Communication of results give feedback to collaborating partners and interested stakeholders. Communication methods and content need to be tailored to the audience, and reporting should be transparent to promote confidence. Positive progress should be acknowledged and public recognition should be made of the contributions and successes of all partners involved in the work. Affirmation of hard work will provide incentive for stakeholders to continually improve and be involved in the process.
In MEASURE, you can access tools and resources to help determine the impact of interventions and conduct studies on a variety of topics that relates to rational use. Includes specific information for animal settings:
- Burden of antibiotic resistance
- Antibiotic resistance
- Consumption of antibiotics
- Appropriateness of use
- Quality of antibiotics
- KABP – Knowledge, attitudes, behaviors and perceptions
Guidelines and standards
|CODEX ALIMENTARIUS International Food Standards: Antimicrobial Resistance||Standards for the responsible use of antimicrobials in food-producing animals. The “Code of practice to minimize and contain antimicrobial resistance” (CAC/RCP 61-2005) describes the responsibilities for regulatory authorities, veterinary pharmaceutical industry, wholesalers, retailers, veterinarians and farmers. “Guidelines for Risk Analysis of Foodborne Antimicrobial Resistance” (CAC/GL 77-2011) gives guidance on assessing the risk to human health from foodborne antibiotic resistant bacteria, and determining appropriate management strategies to control those risks. Available in English, French and Spanish.|
|WHO list of critically important antimicrobials for human medicine||Assessment from WHO of which antimicrobials are of highest importance to human health. Substances are categorized into three groups: critically important, highly important, and important.|
|Guidelines for the prudent use of antimicrobials in veterinary medicine (2015/C 299/04)||Guidelines from the European Commission that provide authorities, farmers and veterinarians with recommendations and practical examples for development and implementation of strategies to promote the prudent use of antimicrobials in veterinary medicine. Available in a number of languages.|
|OIE Terrestrial Animal Health Code||Chapter 6.10: Responsible and prudent use of antimicrobial agents in veterinary medicine.|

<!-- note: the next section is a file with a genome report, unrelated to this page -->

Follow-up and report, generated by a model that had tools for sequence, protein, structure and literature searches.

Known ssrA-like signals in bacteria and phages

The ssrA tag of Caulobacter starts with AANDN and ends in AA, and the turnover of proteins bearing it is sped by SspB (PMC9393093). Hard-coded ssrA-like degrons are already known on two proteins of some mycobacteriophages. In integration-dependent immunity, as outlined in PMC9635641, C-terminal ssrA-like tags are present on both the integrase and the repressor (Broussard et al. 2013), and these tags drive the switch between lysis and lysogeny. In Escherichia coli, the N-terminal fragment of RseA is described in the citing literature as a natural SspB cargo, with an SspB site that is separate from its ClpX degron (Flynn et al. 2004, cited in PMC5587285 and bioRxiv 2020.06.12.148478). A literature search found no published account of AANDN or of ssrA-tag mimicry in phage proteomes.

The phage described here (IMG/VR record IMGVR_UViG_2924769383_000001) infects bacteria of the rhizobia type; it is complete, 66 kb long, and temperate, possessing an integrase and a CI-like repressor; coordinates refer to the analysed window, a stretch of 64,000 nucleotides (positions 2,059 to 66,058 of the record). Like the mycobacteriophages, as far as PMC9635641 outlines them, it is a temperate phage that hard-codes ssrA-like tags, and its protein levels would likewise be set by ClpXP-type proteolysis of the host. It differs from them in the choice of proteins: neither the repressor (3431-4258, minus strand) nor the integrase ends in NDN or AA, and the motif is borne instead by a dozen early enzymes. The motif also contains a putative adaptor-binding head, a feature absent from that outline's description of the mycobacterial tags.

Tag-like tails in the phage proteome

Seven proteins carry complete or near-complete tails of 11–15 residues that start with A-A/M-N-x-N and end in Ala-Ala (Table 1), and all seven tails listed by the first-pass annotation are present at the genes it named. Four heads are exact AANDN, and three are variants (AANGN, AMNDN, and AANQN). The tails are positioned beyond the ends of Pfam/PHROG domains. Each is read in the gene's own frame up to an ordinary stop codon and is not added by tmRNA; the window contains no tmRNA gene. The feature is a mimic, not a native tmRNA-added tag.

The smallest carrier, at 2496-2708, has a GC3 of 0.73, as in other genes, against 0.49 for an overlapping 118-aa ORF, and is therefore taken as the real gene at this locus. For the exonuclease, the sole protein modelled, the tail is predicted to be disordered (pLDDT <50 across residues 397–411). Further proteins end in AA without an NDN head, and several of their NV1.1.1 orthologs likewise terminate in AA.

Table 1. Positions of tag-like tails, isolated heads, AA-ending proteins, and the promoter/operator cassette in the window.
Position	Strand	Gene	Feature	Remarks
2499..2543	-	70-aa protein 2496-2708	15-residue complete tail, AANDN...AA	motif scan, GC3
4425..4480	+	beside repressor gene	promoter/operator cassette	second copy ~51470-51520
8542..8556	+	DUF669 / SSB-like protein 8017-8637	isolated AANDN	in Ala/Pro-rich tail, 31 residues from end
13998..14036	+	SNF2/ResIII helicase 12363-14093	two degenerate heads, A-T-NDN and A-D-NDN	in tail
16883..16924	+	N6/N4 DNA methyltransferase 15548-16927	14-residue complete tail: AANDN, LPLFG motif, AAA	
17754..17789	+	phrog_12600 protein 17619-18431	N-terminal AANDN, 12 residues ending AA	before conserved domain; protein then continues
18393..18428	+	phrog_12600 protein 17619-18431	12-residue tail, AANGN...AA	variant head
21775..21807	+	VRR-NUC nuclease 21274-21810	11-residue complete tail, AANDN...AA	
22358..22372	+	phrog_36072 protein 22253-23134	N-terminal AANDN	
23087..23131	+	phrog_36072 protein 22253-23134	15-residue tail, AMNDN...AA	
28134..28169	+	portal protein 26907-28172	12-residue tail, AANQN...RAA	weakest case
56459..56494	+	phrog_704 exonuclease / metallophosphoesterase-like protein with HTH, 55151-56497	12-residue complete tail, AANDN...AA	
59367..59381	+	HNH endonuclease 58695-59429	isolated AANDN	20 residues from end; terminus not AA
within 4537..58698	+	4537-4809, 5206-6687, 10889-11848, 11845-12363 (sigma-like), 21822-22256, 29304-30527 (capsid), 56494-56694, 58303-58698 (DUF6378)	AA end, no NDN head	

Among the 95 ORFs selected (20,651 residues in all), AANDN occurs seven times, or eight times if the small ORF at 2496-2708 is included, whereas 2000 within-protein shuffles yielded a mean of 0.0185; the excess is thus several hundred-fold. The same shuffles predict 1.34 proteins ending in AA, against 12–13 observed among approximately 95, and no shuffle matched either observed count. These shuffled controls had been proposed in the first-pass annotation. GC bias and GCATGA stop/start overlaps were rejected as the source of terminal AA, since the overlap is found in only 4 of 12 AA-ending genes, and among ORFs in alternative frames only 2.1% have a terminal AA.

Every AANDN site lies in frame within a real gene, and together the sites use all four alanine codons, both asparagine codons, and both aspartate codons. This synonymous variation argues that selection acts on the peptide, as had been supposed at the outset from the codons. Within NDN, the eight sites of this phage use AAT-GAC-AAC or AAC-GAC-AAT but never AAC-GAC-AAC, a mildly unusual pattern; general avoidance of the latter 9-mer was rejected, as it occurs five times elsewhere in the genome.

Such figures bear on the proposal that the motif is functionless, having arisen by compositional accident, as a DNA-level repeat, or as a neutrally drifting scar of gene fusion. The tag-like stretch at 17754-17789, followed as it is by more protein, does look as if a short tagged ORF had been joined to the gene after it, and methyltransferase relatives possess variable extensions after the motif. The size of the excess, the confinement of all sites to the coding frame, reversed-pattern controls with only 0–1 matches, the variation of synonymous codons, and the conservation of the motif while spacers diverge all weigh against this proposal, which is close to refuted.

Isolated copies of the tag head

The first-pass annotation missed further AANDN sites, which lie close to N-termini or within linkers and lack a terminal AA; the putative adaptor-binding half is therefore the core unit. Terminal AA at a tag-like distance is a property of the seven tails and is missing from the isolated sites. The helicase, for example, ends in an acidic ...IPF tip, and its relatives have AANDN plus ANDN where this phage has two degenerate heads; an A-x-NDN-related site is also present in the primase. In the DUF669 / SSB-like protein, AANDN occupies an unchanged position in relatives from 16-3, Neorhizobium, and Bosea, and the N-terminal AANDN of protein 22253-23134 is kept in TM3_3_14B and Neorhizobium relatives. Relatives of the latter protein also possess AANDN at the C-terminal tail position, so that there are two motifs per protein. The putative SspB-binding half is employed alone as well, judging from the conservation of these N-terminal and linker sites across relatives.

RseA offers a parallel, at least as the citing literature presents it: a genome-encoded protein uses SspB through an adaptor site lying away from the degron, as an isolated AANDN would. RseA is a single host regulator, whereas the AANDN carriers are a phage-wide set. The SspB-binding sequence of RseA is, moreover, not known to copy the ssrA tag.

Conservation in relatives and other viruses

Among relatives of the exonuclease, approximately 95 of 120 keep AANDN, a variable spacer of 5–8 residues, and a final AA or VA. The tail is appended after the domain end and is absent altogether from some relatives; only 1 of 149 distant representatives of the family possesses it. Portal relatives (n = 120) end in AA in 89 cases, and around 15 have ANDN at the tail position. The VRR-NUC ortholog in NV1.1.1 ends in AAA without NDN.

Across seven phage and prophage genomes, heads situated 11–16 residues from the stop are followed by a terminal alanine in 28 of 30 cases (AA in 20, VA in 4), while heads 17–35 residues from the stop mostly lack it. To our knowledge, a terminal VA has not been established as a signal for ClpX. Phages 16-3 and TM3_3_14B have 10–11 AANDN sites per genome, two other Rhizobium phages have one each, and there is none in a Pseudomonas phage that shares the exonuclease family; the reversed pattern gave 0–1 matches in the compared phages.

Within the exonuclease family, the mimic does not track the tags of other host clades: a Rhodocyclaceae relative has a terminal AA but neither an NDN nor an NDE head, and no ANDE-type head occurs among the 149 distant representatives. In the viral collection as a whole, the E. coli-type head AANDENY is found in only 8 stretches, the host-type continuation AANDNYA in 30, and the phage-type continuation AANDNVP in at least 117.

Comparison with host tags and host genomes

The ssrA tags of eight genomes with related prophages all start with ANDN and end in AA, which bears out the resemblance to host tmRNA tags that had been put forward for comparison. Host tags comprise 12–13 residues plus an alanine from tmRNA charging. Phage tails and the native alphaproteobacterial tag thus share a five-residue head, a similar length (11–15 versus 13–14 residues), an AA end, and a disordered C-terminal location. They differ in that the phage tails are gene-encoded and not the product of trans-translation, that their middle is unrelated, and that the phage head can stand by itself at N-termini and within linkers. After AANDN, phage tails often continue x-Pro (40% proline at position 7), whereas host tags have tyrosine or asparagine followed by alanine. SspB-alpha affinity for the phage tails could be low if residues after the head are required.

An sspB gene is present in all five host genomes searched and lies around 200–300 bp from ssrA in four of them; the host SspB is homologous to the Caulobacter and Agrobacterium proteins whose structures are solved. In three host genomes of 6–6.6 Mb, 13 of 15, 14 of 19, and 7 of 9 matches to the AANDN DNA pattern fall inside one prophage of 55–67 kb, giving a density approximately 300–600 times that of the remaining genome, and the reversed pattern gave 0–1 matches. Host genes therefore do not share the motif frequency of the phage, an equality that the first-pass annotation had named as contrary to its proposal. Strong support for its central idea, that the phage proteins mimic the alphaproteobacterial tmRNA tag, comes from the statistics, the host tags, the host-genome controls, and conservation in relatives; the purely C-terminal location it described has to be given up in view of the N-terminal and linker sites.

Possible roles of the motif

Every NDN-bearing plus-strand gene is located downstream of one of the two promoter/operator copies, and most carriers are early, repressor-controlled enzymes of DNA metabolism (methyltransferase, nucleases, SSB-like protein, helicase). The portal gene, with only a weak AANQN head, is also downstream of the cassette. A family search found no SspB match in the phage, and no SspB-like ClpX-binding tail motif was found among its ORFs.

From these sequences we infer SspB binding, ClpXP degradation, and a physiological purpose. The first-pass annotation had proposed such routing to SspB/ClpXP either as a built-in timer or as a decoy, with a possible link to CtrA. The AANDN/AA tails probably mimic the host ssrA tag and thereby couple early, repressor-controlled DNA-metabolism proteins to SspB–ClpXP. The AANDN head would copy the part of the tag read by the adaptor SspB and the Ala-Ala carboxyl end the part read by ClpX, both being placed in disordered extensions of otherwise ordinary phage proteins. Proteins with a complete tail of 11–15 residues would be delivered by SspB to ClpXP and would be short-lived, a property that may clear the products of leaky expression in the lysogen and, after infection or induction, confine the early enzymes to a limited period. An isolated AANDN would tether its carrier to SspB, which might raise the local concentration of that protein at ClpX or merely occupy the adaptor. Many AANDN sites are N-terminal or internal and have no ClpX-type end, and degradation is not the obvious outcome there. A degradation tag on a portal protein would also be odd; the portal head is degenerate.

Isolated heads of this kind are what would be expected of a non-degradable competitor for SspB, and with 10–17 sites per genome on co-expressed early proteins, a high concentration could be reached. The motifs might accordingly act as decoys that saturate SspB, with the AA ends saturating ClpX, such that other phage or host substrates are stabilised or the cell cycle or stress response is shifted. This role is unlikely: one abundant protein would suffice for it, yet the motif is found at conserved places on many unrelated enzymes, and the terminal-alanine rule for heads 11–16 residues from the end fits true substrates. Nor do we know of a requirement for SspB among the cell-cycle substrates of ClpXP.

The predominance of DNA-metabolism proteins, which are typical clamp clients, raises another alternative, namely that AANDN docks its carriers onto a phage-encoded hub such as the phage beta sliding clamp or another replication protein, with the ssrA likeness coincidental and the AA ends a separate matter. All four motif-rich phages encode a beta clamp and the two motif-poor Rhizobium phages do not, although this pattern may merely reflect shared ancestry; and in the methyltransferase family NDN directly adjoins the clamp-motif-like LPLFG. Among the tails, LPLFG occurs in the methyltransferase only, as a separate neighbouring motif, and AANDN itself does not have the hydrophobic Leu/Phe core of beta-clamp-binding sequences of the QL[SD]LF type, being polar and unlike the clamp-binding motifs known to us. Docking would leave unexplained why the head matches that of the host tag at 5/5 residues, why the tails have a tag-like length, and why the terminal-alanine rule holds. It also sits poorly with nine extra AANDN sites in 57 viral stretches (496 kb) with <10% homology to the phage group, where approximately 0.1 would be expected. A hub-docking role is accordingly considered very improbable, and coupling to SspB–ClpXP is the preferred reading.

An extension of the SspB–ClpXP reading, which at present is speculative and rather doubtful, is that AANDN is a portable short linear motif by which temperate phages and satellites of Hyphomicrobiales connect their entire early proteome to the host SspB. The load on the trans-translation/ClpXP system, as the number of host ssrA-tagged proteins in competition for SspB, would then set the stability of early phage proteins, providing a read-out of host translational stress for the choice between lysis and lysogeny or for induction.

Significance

|Guide to Prudent Use of Antimicrobial Agents in Dairy Production||The objective of this guide is to promote prudent use practices based on science, and taking into account parameters which are relevant and essential to dairy farming. Also available in French and Spanish. Dairy production.|
|Improving biosecurity through prudent and responsible use of veterinary medicines in aquatic food production||Guideline from FAO that discusses the use of veterinary medicines in aquaculture and gives examples of good practice and disease prevention measures. Aquaculture.|
|OIE Aquatic Animal Health Code||OIE guide to development and harmonisation of national antimicrobial resistance surveillance and monitoring programmes for aquatic animals. Chapter 6.2: Principles for responsible and prudent use of antimicrobial agents in aquatic animals.|
|Community Toolbox, chapter 7: Encouraging Involvement in Community Work||Guidance. The Community Toolbox aims to offer people engaged in local and community work a depository of tools and advice for building healthier communities. Chapter 7 for example covers: The importance to involve all people affected by the problem (section 7) and Identifying and analyzing stakeholders (section 8).|
|Community Toolbox, chapter 6, section 1: Developing a plan for communication||Guidance for how to develop a communication plan for good, consistent, clear communications both internally and externally.|
|Keeping veterinary medicine records||Template and instructions on how to keep veterinary medicine records. Includes an example format on record keeping (word document). Guidance for England, but can be used for inspiration/adapted for other contexts.|
|Guidelines on Implementation of the Antimicrobial Strategy in South Africa: One Health Approach & Governance||Example implementation guideline. ‘How to’, step-by-step guide for South African healthcare and veterinary workforce to enact the national strategy, addressing the governance framework at different levels of the health system.|